Speaking at the NFL Scouting Combine on Friday and for the first time since suffering a hamstring injury that kept him out for almost all of his final season in college, Ohio State wide receiver Jaxon Smith-Njigba said it was a “frustrating year” as he dealt with the first long-term injury of his playing career.
“Never really had an injury that set me out for games or even practices or stuff like that,” Smith-Njigba said. “But I feel like I’m going to come out a better person, better man, better player. I’m definitely thankful. Just looking at it as a positive. I think it will be beneficial for me at the end of the day.”
Smith-Njigba appeared in just two games last season for Ohio State, playing in the first half of the season opener against Notre Dame before suffering his hamstring injury. Smith-Njigba returned several weeks later when the Buckeyes hosted Iowa, but again, Smith-Njigba only played in the first half of what ended up being his final appearance for Ohio State.
Ohio State head coach Ryan Day and his staff expressed optimism throughout the season that Smith-Njigba would return, and while Smith-Njigba said he wanted to be on the field, he also said on Friday that he could have been more patient in his recovery.
“Didn’t know too much about hamstrings, never really dealt with one,” he said. “So wish I had more information, wish I would have definitely dealt with it better.”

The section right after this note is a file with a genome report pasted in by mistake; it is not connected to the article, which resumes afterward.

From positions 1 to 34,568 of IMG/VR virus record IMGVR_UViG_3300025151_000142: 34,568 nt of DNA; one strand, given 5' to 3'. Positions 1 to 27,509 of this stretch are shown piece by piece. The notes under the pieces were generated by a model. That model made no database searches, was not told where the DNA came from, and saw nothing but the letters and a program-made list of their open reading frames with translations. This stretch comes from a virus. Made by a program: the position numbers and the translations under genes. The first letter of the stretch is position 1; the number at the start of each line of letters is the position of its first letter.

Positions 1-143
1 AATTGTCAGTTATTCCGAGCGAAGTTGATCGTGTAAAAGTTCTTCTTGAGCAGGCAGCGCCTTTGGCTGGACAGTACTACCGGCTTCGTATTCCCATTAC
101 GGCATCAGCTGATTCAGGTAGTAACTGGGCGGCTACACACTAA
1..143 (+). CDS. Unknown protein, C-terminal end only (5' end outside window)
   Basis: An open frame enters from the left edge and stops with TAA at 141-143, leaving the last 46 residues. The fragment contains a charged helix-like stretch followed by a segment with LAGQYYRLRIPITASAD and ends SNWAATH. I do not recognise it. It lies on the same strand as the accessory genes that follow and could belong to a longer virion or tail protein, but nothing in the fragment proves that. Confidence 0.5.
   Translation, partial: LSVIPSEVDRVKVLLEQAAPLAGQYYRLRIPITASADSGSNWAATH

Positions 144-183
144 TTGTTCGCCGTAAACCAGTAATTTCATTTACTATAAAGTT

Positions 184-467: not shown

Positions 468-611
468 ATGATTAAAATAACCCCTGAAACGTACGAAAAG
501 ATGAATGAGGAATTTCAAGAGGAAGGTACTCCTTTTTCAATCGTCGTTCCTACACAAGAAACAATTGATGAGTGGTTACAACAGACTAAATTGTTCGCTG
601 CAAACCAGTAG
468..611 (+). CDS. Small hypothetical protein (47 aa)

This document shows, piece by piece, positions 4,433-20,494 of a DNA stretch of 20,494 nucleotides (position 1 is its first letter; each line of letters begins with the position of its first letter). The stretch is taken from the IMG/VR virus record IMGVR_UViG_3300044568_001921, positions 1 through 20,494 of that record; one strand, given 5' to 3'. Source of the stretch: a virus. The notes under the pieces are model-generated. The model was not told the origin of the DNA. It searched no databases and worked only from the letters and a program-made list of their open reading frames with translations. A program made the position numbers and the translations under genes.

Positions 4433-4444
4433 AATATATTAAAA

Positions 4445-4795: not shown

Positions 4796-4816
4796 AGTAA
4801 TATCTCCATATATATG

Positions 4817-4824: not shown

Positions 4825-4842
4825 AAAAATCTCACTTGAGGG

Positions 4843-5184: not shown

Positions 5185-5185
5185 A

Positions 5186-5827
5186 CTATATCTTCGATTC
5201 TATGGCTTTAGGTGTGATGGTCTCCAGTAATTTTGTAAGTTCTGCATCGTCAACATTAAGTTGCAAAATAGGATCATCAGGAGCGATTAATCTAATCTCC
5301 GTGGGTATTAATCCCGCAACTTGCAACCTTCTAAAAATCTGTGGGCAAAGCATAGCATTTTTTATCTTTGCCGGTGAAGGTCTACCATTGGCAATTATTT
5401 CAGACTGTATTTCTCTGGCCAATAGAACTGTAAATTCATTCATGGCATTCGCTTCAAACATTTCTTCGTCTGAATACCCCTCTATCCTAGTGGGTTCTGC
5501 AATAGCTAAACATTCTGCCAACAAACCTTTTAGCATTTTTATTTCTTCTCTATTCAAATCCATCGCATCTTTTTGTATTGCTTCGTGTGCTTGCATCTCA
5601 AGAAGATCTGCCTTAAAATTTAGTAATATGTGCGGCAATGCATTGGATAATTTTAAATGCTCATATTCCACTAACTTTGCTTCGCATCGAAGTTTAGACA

Despite the disappointment of his junior season, his talent was still evident through his two seasons and change at Ohio State. He finished his career with 1,698 receiving yards and 10 touchdowns, including a single-season record for the Buckeyes with 1,606 receiving yards and 95 receptions, and setting single-game records for receptions (15), receiving yards (347) and touchdowns (three), all in the 2021 season.
That’s not to mention the numerous highlight catches during his career, all that contribute to Smith-Njigba arguing his playmaking ability in the upcoming NFL Draft is “second-to-none.”
“I see myself as a top-five player, not just receiver,” he said. “I see myself as a top-five player in this draft, just being able to make plays and given the opportunities. You throw me the ball seven-to-nine times, I can win you the game. That speaks for itself.”
“I’m ready to show people what I can do,” he continued.
And while Smith-Njigba is looking forward to boosting his draft stock, arguably the most notable drill – the 40-yard dash – will have to wait until Ohio State’s Pro Day on March 22, as Smith-Njigba said he has not had time to train for the drill.